Bridge repair funds to lift some burden from county
Four bridge projects to be funded completely by ODOT
Eddie Mowen Jr. email@example.com
Four Preble County bridges will be part of a repair and replacement program to be administered by the Ohio Department of Transportation over the next three years.
Gov. John R. Kasich announced in October of last year that Ohio will invest $120 million to repair and replace more than 200 county and city-owned bridges over the next three years. The funds are made available by Ohio’s successful efforts to overhaul highway funding by reducing overhead costs and improving efficiency at the Ohio Department of Transportation (ODOT).
According to Preble County Engineer Kyle Cross, the four bridges selected to receive the work here in the county would cost an estimated $600,000 if the Engineer’s Office paid for them.
Work is expected to begin on the first 40 bridges next year. ODOT will work with local officials to identify the remaining bridges to repair or replace in the following years. Bridges were selected based on a variety of factors including safety and importance to local job creation efforts.
“ODOT is going to completely administer the program, which is great for us,” Cross said recently. “We don’t have any type of administrative work, nothing that’s going to impact our budget at all. These are as free as free can get. We all pay taxes. We’re getting something and not requiring additional local funds.”
“When we took office Ohio faced not only an $8 billion shortfall in our general budget but also a $1.6 billion shortfall in our highway budget,” Kasich said. “ODOT tightened its own belt, freed up more than $600 million and then Ohio leveraged the turnpike to generate an additional $1.5 billion, which grows to $3 billion when paired with federal and local funds. That innovative thinking and that careful management of our resources is why we can do this $120 million program to help counties and cities meet their bridge needs. In the past ODOT hasn’t really helped counties or cities address these kinds of needs but fortunately we’re in a strong enough position now, that we can and we will,” Kasich added.
Ohio has 44,000 bridges, the second-highest number in the nation behind Texas. According to some reports, the condition of Ohio’s bridges are better than the national average but many bridges are waiting for much-needed repairs.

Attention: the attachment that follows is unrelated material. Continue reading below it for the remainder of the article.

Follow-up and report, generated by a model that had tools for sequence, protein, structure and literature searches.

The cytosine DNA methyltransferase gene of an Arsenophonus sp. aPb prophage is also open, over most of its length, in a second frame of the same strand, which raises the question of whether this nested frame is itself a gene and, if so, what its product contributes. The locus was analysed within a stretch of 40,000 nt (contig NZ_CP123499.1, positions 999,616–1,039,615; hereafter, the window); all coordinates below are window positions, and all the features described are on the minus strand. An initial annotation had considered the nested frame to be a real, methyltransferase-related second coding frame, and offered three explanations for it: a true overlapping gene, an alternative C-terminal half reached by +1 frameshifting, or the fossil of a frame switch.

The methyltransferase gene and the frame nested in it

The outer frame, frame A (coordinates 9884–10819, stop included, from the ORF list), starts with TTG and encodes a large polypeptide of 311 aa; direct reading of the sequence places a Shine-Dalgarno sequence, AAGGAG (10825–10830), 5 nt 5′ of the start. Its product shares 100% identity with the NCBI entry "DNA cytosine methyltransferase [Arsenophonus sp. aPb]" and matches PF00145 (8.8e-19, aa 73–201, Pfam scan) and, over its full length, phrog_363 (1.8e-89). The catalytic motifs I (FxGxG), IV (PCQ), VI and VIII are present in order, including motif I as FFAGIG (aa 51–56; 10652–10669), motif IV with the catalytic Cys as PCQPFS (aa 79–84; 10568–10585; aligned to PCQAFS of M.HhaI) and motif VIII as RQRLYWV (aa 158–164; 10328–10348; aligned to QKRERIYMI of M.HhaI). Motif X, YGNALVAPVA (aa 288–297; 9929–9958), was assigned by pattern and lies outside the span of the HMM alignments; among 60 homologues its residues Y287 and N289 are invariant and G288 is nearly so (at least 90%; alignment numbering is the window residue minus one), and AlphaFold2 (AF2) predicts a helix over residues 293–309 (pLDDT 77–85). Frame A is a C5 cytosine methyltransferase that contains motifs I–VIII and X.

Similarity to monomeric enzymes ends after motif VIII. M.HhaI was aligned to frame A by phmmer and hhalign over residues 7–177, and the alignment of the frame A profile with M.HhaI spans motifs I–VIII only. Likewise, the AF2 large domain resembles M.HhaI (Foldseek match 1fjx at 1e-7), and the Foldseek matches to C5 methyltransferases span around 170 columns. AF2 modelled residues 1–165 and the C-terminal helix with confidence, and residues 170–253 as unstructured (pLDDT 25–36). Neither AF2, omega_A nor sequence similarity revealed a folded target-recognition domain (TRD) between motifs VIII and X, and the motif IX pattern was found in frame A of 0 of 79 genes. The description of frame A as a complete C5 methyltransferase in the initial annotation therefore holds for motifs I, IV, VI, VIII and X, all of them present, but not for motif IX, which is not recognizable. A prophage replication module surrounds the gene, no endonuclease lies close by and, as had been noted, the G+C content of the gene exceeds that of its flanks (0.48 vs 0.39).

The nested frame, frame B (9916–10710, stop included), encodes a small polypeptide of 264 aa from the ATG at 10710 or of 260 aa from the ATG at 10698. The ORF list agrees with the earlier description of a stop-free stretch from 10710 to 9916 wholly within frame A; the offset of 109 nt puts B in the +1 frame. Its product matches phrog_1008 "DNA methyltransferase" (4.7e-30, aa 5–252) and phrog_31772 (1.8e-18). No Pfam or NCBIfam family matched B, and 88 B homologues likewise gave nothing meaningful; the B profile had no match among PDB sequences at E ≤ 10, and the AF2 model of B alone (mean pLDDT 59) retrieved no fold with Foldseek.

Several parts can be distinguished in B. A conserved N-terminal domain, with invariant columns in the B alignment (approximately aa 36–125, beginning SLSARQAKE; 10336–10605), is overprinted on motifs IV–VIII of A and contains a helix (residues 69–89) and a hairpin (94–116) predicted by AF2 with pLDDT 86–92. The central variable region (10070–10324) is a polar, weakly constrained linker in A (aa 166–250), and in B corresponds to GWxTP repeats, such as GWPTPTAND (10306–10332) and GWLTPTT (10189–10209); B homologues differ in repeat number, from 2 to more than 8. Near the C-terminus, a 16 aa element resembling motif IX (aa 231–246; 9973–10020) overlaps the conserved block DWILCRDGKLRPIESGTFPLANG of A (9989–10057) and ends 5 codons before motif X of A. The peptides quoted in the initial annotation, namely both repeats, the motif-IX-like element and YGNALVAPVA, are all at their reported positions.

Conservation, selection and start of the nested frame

Preble County maintains 412 bridges.
The bridge located on Weist Road over Four-Mile Creek is slated to receive repairs in this round of projects. “It will be done in 2014 one way or another,” Cross noted. “It’s one of the worst.”
“Bridges selected fall into different categories: functionally obsolete or structurally deficient,” Cross said. “We have 137 bridges that fall into one of those two categories.”
With an annual budget of about $4 million, and $1 million worth of bridges to be replaced, that’s a huge impact,” Cross said.
Cross calls 2013 a banner year. “We had replaced 13 bridges in house,” he said.
They opened the fourth Federal Bridge Project in early December.
“We are chipping away at that number, but every time you replace one, you find something that goes wrong with another one. It’s a constant battle we’re fighting,” he said.
It will probably take a couple of months to finish each bridge, according to Cross.
Weist Road; Concord Road, East of Concord Church; Halderman Road, west of Ohio 503 in Lanier Township and Greenbush Road East of Pleasant Valley Road are the bridges slated for repair/replacement.
“I would have liked to have gotten more, but that being said, it is good in a sense that it shows there are people in worse shape than we are,” Cross said. “You don’t wish that on anybody. We’re all in the same situation.”
“It’s going to free up money that we would have had to spend on replacing these bridges,” Cross said. It’s going to let us move to other bridges and get more done in that same time period.
“It’s going to be a considerable burden lifted off of us.”
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